This was the thing that really rubbed me the wrong way about Laurel’s death: it felt like it was in service to the Oliver and Diggle character arcs rather than her own. The show used Laurel’s death to prove a point in Oliver’s favor, to demonstrate that he was right and Diggle was wrong and this is why we should root for the Green Arrow. But hasn’t Laurel already sacrificed enough for Oliver? Oliver can be motivated by something other than trauma, show, and so can our faith in him as a hero. 

From the quiver…

“Some guy with perfect teeth and a missing hand.” Best Merlyn description ever.

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“The only thing Darhk should be planning on is getting convicted at trial.” Is it just me or has Oliver gotten snarkier in recent episodes?

“There’s somethig I haven’t told you, guys.” “Shocker.” Thea has always been this snarky, and I love it.

“You really love not talking about that place, don’t you?” Laurel on Oliver and Lian Yu. You’ve got to love that, even when they are great terms, she’s still pretty bitter about Lian Yu.

“Oliver, Andy is a standup guy.” As much as I believe Diggle’s lingering mistrust of Oliver, his reaction to Andy this season has given me character whiplash.

“Just months ago, I was a dive instructor” is to Taiana what “Just months ago, I was a barista” is to Legends of Tomorrow’sKendra.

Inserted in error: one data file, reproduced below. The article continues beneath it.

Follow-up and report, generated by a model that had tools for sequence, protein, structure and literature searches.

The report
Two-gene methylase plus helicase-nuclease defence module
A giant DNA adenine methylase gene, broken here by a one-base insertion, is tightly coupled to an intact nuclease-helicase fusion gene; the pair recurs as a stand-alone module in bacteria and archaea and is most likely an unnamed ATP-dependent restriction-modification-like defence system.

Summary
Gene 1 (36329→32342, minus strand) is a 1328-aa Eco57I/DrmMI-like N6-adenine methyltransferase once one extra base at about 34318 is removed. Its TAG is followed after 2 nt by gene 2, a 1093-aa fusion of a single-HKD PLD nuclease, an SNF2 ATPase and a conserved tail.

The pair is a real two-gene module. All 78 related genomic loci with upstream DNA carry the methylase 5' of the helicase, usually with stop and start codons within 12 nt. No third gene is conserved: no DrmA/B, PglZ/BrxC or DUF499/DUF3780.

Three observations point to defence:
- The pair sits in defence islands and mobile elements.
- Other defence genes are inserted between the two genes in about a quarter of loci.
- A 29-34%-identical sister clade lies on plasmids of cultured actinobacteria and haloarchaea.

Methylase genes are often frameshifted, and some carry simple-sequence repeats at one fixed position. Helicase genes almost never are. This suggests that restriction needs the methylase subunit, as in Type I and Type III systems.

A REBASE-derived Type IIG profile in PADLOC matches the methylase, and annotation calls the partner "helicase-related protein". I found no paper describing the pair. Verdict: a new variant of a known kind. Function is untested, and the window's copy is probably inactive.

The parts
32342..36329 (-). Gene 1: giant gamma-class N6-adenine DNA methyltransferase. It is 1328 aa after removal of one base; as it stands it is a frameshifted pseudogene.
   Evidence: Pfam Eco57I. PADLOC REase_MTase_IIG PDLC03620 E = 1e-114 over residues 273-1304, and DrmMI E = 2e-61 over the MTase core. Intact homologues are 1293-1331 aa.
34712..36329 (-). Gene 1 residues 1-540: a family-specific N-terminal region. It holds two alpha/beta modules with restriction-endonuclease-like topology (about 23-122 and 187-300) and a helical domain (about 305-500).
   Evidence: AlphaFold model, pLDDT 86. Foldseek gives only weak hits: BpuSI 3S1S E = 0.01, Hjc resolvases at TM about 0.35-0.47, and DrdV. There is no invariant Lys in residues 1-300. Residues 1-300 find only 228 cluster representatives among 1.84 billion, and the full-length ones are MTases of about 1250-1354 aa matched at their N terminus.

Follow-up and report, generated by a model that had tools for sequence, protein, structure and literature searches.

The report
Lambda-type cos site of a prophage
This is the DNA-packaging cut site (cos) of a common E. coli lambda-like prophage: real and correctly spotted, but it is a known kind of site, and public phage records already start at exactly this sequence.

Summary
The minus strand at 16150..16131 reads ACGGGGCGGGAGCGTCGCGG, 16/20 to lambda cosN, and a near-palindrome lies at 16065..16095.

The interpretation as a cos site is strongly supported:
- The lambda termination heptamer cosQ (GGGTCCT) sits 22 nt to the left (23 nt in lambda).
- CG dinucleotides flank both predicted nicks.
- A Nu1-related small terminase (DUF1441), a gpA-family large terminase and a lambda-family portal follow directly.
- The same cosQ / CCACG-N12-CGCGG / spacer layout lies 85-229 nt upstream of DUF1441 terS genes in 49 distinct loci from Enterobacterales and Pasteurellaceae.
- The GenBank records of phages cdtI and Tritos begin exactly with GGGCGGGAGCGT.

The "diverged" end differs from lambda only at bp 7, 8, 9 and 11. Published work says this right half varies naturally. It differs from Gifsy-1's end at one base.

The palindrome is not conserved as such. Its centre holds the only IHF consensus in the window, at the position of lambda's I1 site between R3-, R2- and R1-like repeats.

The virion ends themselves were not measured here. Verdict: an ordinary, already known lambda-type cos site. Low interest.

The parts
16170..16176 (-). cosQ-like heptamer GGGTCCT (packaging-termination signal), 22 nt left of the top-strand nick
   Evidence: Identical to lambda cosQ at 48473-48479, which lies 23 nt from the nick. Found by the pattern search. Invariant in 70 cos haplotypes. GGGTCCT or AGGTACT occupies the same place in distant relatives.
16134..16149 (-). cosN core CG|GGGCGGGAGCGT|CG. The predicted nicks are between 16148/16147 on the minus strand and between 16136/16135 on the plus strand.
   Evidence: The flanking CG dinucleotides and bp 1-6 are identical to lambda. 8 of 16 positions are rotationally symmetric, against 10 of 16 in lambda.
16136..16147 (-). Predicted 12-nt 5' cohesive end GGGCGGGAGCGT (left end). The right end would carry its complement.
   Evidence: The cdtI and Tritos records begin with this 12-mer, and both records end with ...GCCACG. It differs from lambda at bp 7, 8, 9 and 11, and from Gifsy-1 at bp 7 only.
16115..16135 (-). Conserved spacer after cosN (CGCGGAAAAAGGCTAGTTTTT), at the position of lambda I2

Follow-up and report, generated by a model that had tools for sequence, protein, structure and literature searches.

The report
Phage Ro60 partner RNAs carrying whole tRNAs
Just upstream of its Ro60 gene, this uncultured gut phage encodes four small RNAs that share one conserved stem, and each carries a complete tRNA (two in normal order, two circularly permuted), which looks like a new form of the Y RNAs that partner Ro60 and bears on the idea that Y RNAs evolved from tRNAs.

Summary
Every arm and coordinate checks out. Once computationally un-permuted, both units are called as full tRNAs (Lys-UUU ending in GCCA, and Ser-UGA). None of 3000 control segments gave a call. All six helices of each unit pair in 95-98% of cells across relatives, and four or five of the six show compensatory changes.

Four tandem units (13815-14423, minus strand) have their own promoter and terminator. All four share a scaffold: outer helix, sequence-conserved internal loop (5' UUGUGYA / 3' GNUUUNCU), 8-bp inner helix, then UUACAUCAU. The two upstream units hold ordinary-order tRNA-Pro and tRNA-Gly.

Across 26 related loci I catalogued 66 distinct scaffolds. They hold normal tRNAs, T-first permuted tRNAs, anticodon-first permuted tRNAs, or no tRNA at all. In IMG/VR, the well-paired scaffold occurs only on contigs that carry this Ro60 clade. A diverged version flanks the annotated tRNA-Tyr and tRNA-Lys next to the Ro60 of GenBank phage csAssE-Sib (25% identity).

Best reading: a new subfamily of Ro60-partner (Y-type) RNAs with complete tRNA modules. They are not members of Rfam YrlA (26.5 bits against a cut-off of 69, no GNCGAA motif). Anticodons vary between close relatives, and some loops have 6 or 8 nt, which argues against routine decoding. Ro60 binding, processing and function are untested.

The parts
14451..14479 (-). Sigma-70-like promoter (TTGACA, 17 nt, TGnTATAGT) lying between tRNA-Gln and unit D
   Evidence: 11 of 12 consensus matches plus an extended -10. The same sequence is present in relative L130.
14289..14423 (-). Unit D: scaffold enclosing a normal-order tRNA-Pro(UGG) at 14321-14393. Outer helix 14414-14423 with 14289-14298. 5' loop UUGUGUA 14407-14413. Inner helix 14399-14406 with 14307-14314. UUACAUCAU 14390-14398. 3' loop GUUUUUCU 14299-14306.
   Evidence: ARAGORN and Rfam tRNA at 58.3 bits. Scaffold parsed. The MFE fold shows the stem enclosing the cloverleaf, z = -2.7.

“This place truly is hell. It makes monsters of us all.” Taiana on the flashbacks, basically.

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“Be district attorney by day, Black Canary by night.” I would watch this spin-off. Bring Thea, too, Laurel.

“That’s because he’s not dad. I know I’ve said it before, but this time it’s different. This time, it’s mutual.” The Thea/Merlyn thing is definitely going to come to a head soon.

“A magician never reveals his secrets.” Damn you, Merlyn, and your smarmy charm.

“This is about keeping us safe.” “No, this is about you controlling everything and everyone around you.”

“This city has enough heroes with masks on. It needs a her without a mask. It needs Laurel Lance.” Sob.

“One last time.” PSA: Guys, never say this. It ensures you’re about to killed off.

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“It was really a hop, skip, and a jump from Diggle to you to your little sister to your ex-girlfriend.” Darhk’s “Duh, of course Oliver Queen is the Arrow speech” was magic.

“Going out there and fighting alongside you guys, it’s what makes me feel alive inside. And I love you guys so much.” OK, but what did Laurel ask Oliver to do for her when the camera pulled back? Probably something to do with Detective Lance, right?

“Her name is Laurel Lance, and she was my home before all of this.” Gah, see you guys April 27th or whenever. Until then, I’ll be worrying about Diggle and Detective Lance…


3.5 out of 5